A case for longer-length TV ads.
It was one year ago at this time when Fox introduced 6-second TV commercials to their NFL broadcasts. The buzz in the industry was all about going shorter. Shorter ads make for a better viewer experience. Shorter ads work with our fleeting attention spans. Shorter ads connect with the YouTube generation.
Like many trends in the ad industry, I have frequently found that doing the exact opposite is more effective. And so have our clients. While shorter ads have their purpose, we are airing more longer length commercials (:60’s, :90’s and :120’s) today than Al Eicoff could have ever imagined. And there’s a reason for it. Well, five reasons actually.
1. Dominate the break. Would you prefer to be one of four 30-second spots that air during a commercial break or to own the entire two minutes? We live in a world of clutter; we’re bombarded with messages on all of our devices all of the time. Dominating the commercial break is one way to cut through it all. Stand out. Be remembered. Get results.
2. Greater call to action. To motivate a website visit, a phone call, or even a direct sale, a longer spot brings the advantage of more time for a viewer to remember the proper response information, like a website name or phone number. A stronger call to action can also really help drive more digital traffic. Online retailers may look to add in that special “get it now” offer or savings code. Insurance or financial service companies may devote time to showcasing the functionality, ease of use and helpfulness of their website. And seasonally-driven brands can rotate in new, compelling messages throughout the year. When you want someone to act now, don’t short-change the CTA.
3. Meet more objectives. For many companies, a lot of different marketing objectives exist. One business unit may be in charge of driving sales. Another may be dedicated to elevating the brand. What often happens is the branding sector builds one set of creative and the ROI-focused folks go down a separate path. With longer TV spots, you can integrate both the objective of “elevating the brand” and “driving sales.” You have time to make viewers feel something. And sell to them. Now, this is not just about killing two birds with one stone. It’s about being efficient with your marketing dollars and getting more from your media spend. Build the brand and drive sales – all in one spot.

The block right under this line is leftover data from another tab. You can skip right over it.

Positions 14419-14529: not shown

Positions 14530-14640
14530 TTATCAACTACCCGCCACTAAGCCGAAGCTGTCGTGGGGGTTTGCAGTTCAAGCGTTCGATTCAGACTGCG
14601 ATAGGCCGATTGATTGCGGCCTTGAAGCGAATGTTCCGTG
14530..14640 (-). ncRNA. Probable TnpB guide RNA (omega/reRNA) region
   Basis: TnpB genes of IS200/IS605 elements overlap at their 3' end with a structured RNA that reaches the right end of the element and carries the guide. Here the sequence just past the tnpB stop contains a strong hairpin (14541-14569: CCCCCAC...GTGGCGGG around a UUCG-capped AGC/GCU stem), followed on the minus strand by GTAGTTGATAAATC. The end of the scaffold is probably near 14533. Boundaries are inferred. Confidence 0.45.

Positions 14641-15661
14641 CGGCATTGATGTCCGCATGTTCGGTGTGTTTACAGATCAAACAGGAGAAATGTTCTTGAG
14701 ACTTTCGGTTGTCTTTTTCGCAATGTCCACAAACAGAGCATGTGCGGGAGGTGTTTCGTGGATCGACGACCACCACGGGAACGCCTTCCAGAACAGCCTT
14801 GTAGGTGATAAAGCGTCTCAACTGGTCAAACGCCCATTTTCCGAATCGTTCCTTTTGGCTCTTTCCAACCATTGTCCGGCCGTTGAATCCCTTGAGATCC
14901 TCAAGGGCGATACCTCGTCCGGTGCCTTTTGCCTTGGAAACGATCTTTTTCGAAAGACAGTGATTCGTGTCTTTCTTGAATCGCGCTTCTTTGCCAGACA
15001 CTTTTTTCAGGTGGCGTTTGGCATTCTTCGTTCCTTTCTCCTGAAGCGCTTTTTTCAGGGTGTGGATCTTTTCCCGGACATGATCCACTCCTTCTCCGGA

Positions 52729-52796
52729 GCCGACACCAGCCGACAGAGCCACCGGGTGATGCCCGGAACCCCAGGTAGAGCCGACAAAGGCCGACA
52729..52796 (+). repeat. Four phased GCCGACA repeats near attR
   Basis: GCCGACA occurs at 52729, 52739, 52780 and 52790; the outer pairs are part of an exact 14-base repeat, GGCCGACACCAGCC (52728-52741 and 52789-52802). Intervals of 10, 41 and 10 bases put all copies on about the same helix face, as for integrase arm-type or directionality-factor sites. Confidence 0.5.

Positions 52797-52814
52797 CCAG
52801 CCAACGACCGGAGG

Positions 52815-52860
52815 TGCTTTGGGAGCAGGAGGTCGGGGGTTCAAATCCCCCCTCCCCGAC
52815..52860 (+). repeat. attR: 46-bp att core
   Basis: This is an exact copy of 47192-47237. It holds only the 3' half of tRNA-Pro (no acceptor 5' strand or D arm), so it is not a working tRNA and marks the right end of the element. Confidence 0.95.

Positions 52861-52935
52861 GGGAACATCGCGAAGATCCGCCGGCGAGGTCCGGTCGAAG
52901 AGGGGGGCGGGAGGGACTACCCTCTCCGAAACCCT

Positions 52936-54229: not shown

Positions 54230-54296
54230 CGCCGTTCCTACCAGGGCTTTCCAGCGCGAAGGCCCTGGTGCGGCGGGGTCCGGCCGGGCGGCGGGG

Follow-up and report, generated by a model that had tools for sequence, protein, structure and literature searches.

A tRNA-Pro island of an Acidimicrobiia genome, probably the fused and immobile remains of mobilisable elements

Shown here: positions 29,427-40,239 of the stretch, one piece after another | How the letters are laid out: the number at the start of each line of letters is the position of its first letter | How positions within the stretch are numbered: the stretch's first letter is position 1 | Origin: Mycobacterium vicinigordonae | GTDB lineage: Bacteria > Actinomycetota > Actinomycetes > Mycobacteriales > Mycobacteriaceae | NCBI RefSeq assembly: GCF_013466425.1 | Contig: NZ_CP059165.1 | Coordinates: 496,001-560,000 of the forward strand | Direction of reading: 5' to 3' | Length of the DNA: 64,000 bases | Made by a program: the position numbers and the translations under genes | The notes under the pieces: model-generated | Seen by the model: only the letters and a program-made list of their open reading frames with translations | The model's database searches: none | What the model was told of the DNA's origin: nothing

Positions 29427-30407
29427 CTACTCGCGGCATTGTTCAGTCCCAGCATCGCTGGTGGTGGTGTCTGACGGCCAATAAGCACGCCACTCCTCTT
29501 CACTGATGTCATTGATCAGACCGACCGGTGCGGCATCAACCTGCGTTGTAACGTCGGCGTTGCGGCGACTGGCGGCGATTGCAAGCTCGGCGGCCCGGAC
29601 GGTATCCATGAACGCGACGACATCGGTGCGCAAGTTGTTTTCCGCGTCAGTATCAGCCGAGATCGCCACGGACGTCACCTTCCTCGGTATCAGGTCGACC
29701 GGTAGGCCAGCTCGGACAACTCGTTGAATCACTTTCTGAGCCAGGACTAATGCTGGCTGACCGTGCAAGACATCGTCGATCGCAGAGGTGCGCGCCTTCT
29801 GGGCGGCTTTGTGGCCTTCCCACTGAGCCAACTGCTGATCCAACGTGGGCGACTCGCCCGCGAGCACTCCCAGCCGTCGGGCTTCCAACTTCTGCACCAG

4. Making an introduction. Whether you’re launching a new product, a new service within your brand or an entirely new company, the more time you have to pitch yourself to viewers, the better. For a launch, you may think it’s all about “awareness.” And you’d be right. However, “understanding” is extremely important, too. If consumers know your name, but don’t comprehend what you offer or do, turning a sale will be a challenge. TV in any form is going to get you awareness. Combine that with understanding your sales proposition and you’re putting yourself in a better position for success.
5. More of your story. If you’ve got something to say, and chances are you do, a longer spot will deliver the time you need. This is particularly helpful for products that could use extra explanation, complicated categories that can’t possibly be understood in 30 seconds and anything else that has an abundance of consumer benefits to share. The extra time also gives viewers a greater sense of who you are. This can build a better connection to your brand. If you want viewers to fully understand what you’re selling, instead of taking away one or two main points, more time can make that happen.
The question I am asked most frequently is, “Aren’t longer length commercials more expensive?” If your goal is to drive the most responses for the least amount of money, the data demonstrates longer length commercials are more cost-effective than shorter spots.
Selling is hard. I don’t care if you’re a door-to-door salesperson or a cutting edge digital marketer. To make the sale, the customer has to keep the door open long enough for you to deliver an effective pitch. Time is your ally, and the more you have, the more sales you’ll make.